26 Sep 2006:
Inspired by a two-month, online forum involving dozens of experts, IBM (NYSE: IBM) today formalized a new, groundbreaking corporate policy governing the creation and management of patents.
The worldwide policy, built on IBM's long-standing practices of high quality patents and transparency of ownership, is designed to foster integrity, a healthier environment for innovation, and mutual respect for intellectual property rights. IBM encouraged others in the patent community to adopt similar policies and practices, more stringent than currently required by law.
The tenets of the new policy, which applies everywhere IBM does business, are:
- Patent applicants are responsible for the quality and clarity of their patent applications.
- Patent applications should be available for public examination.
- Patent ownership should be transparent and easily discernable.
- Pure business methods without technical merit should not be
Additional detail on the policy can be found below. IBM also announced several actions it will undertake immediately to implement and support this new policy:
- IBM's technical experts will spend thousands of hours annually
reviewing published patent applications submitted to patent offices. For example, they will provide pertinent prior art to assist the United States Patent & Trademark Office (USPTO) in verifying the patentability of submissions more rapidly and accurately, as part of the USPTO Community Patent Review pilot. IBM urges other qualified experts to similarly provide their time and knowledge by participating in this program.
- IBM will make its patent applications open to community review.
- IBM will make available over 100 of its business-method patents -- about 50 percent of IBM's total business method patents -- to the public, where they can be used openly to stimulate innovation. IBM will focus future business method filings on those with substantial technical content, and as a result, expects to substantially reduce its filing of business method patents.
- IBM will promptly and publicly record, in its name, assignment of all patents and published patent applications it owns.
"The centerpiece of this policy, and our actions to support it, is based on the principles that patent quality is a responsibility of the applicant," said Dr. John E. Kelly III, IBM senior vice president for Technology and Intellectual Property. "These principles are as relevant in emerging regions of the world as they are in more mature economies. IBM is holding itself to a higher standard than any law requires because it's urgent that patent quality is improved, to both stimulate innovation and provide greater clarity for the protection and enforcement of intellectual property rights."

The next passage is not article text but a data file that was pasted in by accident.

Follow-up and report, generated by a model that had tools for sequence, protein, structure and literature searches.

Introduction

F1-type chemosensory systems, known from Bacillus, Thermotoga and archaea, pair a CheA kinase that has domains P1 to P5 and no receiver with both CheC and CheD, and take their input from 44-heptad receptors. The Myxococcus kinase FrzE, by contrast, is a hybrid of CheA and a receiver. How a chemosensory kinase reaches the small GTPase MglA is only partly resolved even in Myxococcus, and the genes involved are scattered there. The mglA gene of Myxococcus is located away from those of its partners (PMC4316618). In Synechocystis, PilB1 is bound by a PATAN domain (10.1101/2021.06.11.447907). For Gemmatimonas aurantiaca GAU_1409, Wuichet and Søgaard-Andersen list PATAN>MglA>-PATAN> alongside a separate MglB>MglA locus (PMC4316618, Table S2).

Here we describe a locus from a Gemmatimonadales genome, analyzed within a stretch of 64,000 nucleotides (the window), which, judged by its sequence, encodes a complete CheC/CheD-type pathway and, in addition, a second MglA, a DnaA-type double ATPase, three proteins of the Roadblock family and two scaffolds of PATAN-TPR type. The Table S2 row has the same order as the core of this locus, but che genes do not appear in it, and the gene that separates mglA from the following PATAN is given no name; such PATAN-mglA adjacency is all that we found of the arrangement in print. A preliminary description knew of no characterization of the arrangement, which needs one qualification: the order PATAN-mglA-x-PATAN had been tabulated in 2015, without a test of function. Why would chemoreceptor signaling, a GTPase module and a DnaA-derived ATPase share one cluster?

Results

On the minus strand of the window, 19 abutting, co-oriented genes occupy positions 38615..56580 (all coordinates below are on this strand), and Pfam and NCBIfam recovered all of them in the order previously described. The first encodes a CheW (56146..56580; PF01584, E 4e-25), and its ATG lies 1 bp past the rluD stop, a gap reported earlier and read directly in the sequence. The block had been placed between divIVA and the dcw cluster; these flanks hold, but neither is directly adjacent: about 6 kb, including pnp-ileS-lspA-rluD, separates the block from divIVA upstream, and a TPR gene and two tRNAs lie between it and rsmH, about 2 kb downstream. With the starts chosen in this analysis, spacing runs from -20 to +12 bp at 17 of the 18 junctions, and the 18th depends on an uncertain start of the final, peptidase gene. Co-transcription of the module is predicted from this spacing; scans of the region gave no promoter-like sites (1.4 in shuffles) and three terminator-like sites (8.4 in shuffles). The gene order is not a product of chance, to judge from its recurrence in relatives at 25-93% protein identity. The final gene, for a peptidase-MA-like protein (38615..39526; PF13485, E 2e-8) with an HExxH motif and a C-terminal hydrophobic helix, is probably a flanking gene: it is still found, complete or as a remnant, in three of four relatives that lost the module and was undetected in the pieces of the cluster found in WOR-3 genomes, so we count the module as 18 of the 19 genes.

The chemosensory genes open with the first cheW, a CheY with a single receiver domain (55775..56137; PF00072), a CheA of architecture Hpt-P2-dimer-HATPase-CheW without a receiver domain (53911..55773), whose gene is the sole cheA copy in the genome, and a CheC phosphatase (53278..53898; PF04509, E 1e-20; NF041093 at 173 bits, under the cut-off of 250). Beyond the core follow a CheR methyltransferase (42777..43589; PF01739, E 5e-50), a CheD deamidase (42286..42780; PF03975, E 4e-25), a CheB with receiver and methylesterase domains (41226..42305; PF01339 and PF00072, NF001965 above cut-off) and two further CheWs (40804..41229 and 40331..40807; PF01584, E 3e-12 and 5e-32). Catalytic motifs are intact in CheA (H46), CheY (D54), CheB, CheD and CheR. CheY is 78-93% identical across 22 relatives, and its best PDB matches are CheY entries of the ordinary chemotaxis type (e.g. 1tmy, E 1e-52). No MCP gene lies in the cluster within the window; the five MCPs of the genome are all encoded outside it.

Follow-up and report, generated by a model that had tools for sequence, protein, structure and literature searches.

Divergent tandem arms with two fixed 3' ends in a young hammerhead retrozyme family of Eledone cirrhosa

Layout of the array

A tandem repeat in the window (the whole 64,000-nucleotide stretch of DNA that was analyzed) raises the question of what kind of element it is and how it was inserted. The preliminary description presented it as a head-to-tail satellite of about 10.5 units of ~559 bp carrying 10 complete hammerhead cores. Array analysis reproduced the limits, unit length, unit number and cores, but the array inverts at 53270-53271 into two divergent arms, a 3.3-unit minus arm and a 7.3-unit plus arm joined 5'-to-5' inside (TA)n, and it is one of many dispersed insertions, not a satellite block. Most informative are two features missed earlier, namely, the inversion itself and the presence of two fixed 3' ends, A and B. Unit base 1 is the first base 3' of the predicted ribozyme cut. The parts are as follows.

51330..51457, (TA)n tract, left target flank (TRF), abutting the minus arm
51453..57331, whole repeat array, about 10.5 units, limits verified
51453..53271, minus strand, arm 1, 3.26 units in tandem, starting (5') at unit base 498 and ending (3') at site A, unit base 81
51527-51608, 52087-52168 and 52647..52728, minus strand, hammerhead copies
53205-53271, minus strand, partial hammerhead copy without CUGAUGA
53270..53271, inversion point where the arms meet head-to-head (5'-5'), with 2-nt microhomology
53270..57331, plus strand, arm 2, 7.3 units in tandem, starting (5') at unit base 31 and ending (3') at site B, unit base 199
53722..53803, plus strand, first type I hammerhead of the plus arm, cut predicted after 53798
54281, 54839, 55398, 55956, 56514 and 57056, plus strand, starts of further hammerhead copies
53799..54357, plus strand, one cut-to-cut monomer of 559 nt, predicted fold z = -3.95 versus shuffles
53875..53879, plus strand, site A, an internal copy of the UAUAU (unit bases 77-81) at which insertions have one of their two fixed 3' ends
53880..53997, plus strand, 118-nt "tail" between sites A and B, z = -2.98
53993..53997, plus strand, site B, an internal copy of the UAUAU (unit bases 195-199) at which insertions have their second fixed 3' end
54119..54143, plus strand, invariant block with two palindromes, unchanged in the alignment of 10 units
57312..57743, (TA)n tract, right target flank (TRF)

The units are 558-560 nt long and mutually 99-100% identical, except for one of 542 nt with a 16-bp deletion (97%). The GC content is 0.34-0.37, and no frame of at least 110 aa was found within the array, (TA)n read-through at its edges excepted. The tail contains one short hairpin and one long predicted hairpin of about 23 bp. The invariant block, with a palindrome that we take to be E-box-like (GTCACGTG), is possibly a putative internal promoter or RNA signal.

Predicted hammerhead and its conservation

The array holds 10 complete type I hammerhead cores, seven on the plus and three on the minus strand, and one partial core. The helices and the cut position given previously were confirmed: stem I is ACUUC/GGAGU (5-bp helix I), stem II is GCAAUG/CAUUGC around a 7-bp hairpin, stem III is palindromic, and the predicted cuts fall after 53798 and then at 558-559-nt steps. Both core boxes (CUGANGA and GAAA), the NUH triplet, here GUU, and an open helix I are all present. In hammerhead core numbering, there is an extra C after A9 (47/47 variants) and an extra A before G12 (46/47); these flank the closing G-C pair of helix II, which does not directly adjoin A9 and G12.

The impetus to share this policy and to encourage an open discourse on best practices for patent holders was sparked by a two-month online forum facilitated by IBM (please see below for more detail). The forum brought together dozens of the world's most prominent intellectual property experts from the fields of government, academia and economics. IBM used wiki technology to enable the participants to debate and suggest solutions for pressing intellectual property issues.
"As advances in information technology and basic science transform the nature of innovation and increase the relative value of intellectual property, it is crucial that we modernize the systems for creating and protecting those assets," said Ronald Mann, University of Texas School of Law, and one of the wiki participants. "Until that time, having the community work together to adhere to a set of principles that sets a higher standard for behavior is even more important."